After the whirlwind of the last few weeks organizing the Maximum Z Summer ’22 Script Showcase, putting together Volume 2 of my book series Go Ahead and Ask! (officially published on July 21, and Volume 1 still available here and here), reading for a contest, and working on my own stuff, I think I’ve earned a brief respite.
But never fear. I wouldn’t want you to go without a post for this week.
During the occasional break between all that stuff I just mentioned, I’ve also been able to do enjoy some just-for-the-hell-of-it reading of friends’ scripts. Each one has been a great read, and even better – no notes necessary.
That, of course, reminded me of a post from Jul 26, 2019 that was all about giving and receiving notes.
Enjoy (and happy 4th of July weekend to my American chums).
After a brief hiatus, I’ve started giving notes again. It’s always helpful to step away from your own material and dive into somebody else’s. More often than not, it’s a win-win situation.
Sometimes there are exceptions to that rule, but more on that in a minute.
The quality of the writing has ranged from just-starting-out to seasoned professional, so my notes and comments are provided with the level of feedback most suitable to the writer’s level of expertise. One writer might still be learning about proper formatting, while another might want to consider strengthening up that second subplot.
One of my cardinal rules of giving notes is to not be mean about it. I never talk down to the writer, because I’ve been in their shoes. I do what I can to be supportive and offer some possible solutions, or at least hopefully guide them towards coming up with a new approach to what they’ve already got.
One writer responded by saying they were really upset about what I’d said, but then they went and re-read my notes, and couldn’t argue or disagree with any of them.
I’ve always been fascinated by the expression “This is a reflection on the script, not you (the writer).” In some ways, the script IS a reflection of the writer; it’s their skill, their storytelling, their grasp of what should and shouldn’t be on the page, that are all being analyzed. After spending so much time and effort on a script, of course a writer wants to hear “it’s great!”, but as we all know, that doesn’t always happen.
Sometimes I worry my comments are too harsh, but just about every writer has responded with “These are SO helpful!”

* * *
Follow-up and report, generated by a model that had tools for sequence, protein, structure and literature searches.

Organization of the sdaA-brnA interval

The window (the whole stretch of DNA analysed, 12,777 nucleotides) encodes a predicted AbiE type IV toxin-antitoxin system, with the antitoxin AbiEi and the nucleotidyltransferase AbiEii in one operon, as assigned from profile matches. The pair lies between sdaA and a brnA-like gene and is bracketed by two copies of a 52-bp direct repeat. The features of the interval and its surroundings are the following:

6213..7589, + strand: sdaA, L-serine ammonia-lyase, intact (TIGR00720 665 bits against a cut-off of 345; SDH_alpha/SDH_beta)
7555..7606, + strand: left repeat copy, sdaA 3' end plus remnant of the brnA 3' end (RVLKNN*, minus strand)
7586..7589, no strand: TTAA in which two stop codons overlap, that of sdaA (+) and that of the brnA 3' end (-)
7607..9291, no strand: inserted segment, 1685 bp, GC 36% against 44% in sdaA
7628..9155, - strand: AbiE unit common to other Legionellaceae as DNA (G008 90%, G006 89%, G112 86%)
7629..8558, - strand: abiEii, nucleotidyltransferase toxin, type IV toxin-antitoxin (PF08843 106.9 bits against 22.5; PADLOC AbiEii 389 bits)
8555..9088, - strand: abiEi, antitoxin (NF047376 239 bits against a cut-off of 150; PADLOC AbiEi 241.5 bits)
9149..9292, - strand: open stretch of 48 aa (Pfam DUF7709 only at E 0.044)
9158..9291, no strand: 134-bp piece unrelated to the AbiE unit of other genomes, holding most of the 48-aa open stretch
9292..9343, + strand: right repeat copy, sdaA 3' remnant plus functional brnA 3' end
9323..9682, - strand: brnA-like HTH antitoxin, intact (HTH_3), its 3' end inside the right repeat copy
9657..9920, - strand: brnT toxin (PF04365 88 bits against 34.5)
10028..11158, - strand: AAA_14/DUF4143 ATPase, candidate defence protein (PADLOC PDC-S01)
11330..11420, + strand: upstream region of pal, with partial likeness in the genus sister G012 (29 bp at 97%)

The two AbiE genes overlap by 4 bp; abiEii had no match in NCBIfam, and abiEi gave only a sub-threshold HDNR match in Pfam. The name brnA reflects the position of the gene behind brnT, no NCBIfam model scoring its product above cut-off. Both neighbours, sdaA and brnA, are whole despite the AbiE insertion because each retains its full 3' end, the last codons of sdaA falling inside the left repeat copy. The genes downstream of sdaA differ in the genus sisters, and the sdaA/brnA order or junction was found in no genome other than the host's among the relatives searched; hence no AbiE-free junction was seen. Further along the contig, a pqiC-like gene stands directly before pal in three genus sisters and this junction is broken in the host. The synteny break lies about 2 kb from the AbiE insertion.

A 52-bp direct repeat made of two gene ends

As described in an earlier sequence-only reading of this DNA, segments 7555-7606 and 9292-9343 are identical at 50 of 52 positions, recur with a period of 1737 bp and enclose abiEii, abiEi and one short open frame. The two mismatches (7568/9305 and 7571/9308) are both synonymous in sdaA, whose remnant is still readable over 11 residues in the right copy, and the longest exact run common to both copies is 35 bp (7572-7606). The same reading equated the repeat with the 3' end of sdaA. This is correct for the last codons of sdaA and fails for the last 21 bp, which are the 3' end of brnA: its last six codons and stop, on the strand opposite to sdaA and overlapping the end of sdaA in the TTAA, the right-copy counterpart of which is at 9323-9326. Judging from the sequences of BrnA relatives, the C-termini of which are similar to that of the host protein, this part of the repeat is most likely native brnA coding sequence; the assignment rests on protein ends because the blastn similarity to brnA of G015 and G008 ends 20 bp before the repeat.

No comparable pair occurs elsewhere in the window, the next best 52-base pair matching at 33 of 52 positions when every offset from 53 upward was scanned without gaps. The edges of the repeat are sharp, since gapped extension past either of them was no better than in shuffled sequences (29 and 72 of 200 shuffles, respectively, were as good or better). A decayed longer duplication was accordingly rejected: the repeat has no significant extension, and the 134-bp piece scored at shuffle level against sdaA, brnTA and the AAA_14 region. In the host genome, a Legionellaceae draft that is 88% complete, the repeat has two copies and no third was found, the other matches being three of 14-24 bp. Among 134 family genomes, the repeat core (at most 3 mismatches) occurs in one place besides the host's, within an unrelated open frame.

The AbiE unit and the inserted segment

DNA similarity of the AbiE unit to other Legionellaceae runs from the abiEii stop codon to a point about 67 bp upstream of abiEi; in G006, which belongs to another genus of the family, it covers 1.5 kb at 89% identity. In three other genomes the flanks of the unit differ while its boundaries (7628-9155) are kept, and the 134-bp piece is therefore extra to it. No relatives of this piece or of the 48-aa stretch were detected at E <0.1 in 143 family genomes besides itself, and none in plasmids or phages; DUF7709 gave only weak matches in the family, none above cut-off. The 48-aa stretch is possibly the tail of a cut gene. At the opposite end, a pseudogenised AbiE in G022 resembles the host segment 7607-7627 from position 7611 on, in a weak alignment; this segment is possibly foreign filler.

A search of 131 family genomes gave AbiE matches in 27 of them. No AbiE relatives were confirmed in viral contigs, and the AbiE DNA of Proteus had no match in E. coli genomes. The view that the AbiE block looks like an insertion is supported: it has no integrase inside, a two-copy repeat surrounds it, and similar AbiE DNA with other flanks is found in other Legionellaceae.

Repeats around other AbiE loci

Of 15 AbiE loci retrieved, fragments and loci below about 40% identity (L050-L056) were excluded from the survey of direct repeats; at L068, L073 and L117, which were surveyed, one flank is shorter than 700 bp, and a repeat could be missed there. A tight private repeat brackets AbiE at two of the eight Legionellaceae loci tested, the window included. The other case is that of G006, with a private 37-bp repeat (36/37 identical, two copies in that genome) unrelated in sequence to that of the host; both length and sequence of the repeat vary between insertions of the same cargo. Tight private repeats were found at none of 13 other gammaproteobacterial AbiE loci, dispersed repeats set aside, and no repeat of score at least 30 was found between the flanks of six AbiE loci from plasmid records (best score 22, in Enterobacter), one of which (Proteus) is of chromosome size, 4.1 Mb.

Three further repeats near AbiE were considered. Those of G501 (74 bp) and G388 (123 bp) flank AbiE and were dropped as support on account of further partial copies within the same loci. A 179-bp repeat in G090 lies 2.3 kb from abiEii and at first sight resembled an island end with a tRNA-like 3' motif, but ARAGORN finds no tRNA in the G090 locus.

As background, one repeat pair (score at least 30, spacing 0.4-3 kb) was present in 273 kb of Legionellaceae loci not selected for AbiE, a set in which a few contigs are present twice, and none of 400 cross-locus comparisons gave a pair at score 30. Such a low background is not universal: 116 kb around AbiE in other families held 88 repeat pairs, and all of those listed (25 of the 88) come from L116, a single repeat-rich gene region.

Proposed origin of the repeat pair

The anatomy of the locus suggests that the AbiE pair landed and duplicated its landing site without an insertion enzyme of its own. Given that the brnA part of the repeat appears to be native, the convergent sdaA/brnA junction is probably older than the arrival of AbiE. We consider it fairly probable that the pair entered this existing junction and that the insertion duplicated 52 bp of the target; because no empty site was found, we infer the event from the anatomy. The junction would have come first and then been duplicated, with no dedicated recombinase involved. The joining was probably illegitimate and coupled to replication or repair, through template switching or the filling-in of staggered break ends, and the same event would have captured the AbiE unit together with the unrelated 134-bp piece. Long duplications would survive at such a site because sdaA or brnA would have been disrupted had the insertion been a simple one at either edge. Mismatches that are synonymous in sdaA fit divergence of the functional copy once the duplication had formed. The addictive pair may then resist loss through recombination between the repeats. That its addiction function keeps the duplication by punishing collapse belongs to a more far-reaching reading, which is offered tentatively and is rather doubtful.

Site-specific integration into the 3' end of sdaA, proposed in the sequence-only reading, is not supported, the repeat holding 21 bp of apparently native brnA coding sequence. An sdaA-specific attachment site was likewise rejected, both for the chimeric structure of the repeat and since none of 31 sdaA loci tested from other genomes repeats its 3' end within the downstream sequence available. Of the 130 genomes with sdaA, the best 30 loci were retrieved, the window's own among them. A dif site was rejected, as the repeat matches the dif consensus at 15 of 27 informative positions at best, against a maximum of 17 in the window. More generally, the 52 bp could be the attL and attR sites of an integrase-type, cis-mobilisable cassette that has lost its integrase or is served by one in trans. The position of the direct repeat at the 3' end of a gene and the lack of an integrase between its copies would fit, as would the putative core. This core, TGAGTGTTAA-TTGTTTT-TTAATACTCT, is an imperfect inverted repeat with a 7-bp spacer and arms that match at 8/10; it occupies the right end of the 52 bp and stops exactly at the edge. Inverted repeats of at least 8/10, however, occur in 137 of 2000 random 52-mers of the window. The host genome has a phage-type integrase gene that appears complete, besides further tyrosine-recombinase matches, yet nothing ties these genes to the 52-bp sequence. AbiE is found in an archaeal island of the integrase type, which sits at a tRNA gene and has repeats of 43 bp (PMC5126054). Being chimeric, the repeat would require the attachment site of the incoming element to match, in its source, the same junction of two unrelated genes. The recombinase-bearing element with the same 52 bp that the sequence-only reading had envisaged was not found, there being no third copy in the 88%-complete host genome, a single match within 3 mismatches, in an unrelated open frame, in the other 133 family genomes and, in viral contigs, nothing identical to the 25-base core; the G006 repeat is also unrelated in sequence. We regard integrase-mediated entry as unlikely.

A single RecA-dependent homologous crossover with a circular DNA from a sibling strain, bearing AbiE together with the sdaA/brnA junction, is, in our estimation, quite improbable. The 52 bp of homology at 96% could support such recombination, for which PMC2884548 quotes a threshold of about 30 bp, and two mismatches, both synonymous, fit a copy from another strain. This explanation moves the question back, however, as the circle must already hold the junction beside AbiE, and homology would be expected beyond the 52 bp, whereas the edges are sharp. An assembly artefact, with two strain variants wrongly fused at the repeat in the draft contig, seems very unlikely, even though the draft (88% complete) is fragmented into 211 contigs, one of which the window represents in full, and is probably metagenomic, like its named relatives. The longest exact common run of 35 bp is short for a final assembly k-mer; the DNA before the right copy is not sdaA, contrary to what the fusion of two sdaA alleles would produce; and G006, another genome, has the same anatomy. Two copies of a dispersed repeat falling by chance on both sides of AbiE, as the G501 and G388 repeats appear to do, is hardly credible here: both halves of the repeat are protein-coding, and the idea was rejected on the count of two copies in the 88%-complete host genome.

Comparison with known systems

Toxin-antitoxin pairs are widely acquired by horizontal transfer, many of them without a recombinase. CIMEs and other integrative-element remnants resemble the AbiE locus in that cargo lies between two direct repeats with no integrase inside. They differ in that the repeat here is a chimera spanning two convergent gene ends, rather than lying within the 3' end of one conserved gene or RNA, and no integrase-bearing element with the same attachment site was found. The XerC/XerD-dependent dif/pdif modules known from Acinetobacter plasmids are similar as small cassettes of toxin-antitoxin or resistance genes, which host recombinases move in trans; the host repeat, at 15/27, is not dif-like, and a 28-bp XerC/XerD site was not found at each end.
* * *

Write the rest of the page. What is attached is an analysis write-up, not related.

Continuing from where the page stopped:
About a year ago, a writer I was connected to via social media asked to do a script swap. Some quick research showed they seemed to be experienced with writing and filmmaking, so it seemed like a good idea.
I read their script, and didn’t like it. I said so in my notes, and offered up what I considered valid reasons why, along with questions raised over the course of the story, along with some suggestions for potential fixes.
What I was most surprised about was that this person presented themselves as a professional, and maybe I was naive in taking all of that at face value and believing the quality of their writing would reflect that and meet my expectations.
It also didn’t help that they opted to not give me any notes on my script. At all. Just some snarky retorts. Guess my lack of effusive gushing hurt their feelings, and this was their method of retribution.
Interesting follow-up to that: I later saw them refer to my notes in a quite negative way, along with “this script has even gotten a few RECOMMENDS”, which is always a great defense.
Follow-up #2: we’re no longer connected on social media.
Could I have phrased my comments in a more supportive way? I suppose, but I figured this person wanted honesty, not praise. And like I said, I assumed they had a thick skin from having done this for a while.
Guess I was mistaken.
And I’ve been on the receiving end of it as well. A filmmaker friend read one of my scripts and started with “Sorry, but I just didn’t like it,” and explained why. Did I pound my fists in rage and curse them for all eternity? Of course not. Their reasons were perfectly valid.
Or the time a writing colleague could barely muster some tepid words of support for one of my comedies. I was a little disappointed, but after having read some of their scripts, realized that our senses of humor (sense of humors?) were very different, so something I considered funny they probably wouldn’t, and vice versa.
I’ve no intention of changing how I give notes. If I like something, I’ll say so. If I don’t, I’ll say so. You may not like what I have to say, but please understand that it’s all done with the best of intentions. My notes are there for the sole purpose of helping you make your script better.
Isn’t that why we seek out notes in the first place?